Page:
Oats have been linked to heart health, weight loss, and cancer prevention, so it’s natural to assume that oatmeal is always a nutritious breakfast choice. But many food producers spoil the whole-grain goodness by flavoring their oats with artificial ingredients and loads of sugar. Quaker’s Cinnamon Roll Oatmeal Express, for example, takes its name very seriously—it contains as much sugar as two Pillsbury cinnamon rolls! A touch of sugar is one thing, but unless you want to eat dessert for breakfast, go with a lower-sugar option. Or better yet, make your oatmeal from scratch so you can control the sugar load. (Tip: Berries are the perfect way to sweeten naturally.)


Quaker Lower Sugar Instant Oatmeal Maple & Brown Sugar

120 calories, 2 g fat (0 g saturated)    , 4 g sugars   



4. “Wheat” Bread:


Studies have shown that whole grains improve your heart health, keep you full, and help you lose weight, but not all bread products labeled “wheat” are true whole grains. Restaurants and supermarket aisles are rife with whole-wheat imposters containing enriched flours and sugars intended to improve the taste of wheat products. So even though you don’t typically file bread under the “sweets” category, your daily sandwich could be loaded with refined carbs and sugars. The best example of the whole-wheat bait-and-switch is the “Honey Wheat” bread Arby’s uses on its Market Fresh sandwiches. First, it’s not whole wheat (enriched flour is the first ingredient). And second, there are 15 grams (!) of sugar in every two slices. That’s more sugar than you’ll find in a Hostess Ho Ho!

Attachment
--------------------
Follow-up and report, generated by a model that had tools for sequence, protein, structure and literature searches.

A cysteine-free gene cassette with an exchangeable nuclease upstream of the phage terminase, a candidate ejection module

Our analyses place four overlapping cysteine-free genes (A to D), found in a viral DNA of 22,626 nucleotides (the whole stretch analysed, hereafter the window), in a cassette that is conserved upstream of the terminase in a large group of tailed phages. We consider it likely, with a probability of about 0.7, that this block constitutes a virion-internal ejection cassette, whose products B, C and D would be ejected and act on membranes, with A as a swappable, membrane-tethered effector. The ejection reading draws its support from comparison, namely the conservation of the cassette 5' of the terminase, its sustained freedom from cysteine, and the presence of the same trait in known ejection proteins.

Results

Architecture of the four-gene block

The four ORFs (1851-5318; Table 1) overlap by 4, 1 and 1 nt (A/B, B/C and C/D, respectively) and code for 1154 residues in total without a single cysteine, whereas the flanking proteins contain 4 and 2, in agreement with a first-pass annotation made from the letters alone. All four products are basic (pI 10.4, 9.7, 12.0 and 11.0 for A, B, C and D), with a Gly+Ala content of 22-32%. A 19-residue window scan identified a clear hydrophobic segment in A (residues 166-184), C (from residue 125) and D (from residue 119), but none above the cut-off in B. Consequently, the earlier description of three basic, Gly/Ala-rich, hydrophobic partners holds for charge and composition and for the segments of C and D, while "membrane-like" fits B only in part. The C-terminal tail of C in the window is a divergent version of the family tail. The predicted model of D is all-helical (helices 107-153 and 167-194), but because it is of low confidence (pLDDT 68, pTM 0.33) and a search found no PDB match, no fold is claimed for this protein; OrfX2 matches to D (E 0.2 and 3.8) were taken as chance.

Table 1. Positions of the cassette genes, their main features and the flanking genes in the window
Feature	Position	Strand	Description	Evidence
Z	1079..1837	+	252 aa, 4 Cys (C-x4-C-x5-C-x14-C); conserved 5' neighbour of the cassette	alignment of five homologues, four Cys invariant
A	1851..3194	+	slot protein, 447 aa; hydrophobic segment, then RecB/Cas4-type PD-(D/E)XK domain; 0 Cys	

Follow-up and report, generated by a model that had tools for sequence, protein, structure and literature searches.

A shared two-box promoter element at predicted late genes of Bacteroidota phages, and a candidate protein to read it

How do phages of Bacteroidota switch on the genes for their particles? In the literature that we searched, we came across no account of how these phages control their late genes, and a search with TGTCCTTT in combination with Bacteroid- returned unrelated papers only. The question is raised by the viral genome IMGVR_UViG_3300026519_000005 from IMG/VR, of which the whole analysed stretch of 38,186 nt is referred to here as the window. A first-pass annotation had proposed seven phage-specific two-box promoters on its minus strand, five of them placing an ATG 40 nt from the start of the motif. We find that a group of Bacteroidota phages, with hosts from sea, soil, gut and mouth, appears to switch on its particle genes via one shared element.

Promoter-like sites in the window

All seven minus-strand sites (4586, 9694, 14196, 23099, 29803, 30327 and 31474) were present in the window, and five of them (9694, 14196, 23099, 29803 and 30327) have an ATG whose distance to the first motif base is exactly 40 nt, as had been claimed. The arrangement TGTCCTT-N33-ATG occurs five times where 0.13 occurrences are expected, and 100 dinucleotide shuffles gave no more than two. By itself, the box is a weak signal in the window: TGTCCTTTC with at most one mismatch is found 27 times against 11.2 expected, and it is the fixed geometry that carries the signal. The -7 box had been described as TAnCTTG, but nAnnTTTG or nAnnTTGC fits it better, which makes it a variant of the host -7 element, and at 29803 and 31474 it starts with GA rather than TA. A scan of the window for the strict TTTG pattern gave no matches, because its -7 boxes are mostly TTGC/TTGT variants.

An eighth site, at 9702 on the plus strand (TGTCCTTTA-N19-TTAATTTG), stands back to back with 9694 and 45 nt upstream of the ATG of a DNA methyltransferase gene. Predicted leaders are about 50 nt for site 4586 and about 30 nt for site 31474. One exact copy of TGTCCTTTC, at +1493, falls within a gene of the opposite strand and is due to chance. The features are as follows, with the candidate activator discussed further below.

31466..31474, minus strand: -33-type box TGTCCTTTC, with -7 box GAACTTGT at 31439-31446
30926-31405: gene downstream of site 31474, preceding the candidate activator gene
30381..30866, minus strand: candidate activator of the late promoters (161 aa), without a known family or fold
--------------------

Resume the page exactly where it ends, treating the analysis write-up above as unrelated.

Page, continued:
Arby’s Cravin’ Chicken Sandwich (Roast)

370 calories, 12 g fat (2 g saturated), 9 g sugars



3. Yogurt:

Yogurt is low in calories and high in protein, which is why a recent Harvard study found that regularly consuming the stuff helps you lose weight. The problem? Many producers pump their “fruit flavored” yogurts with sugar. Case in point: The cups in Yoplait’s Original 99% Fat Free line pack as much sugar as a bag of peanut M&M’s. Unless yogurt is your weekly diet splurge, go with a less dessert-y option like Dannon Light & Fit, or opt for plain yogurt and add your own healthy toppings like fresh fruit and nuts.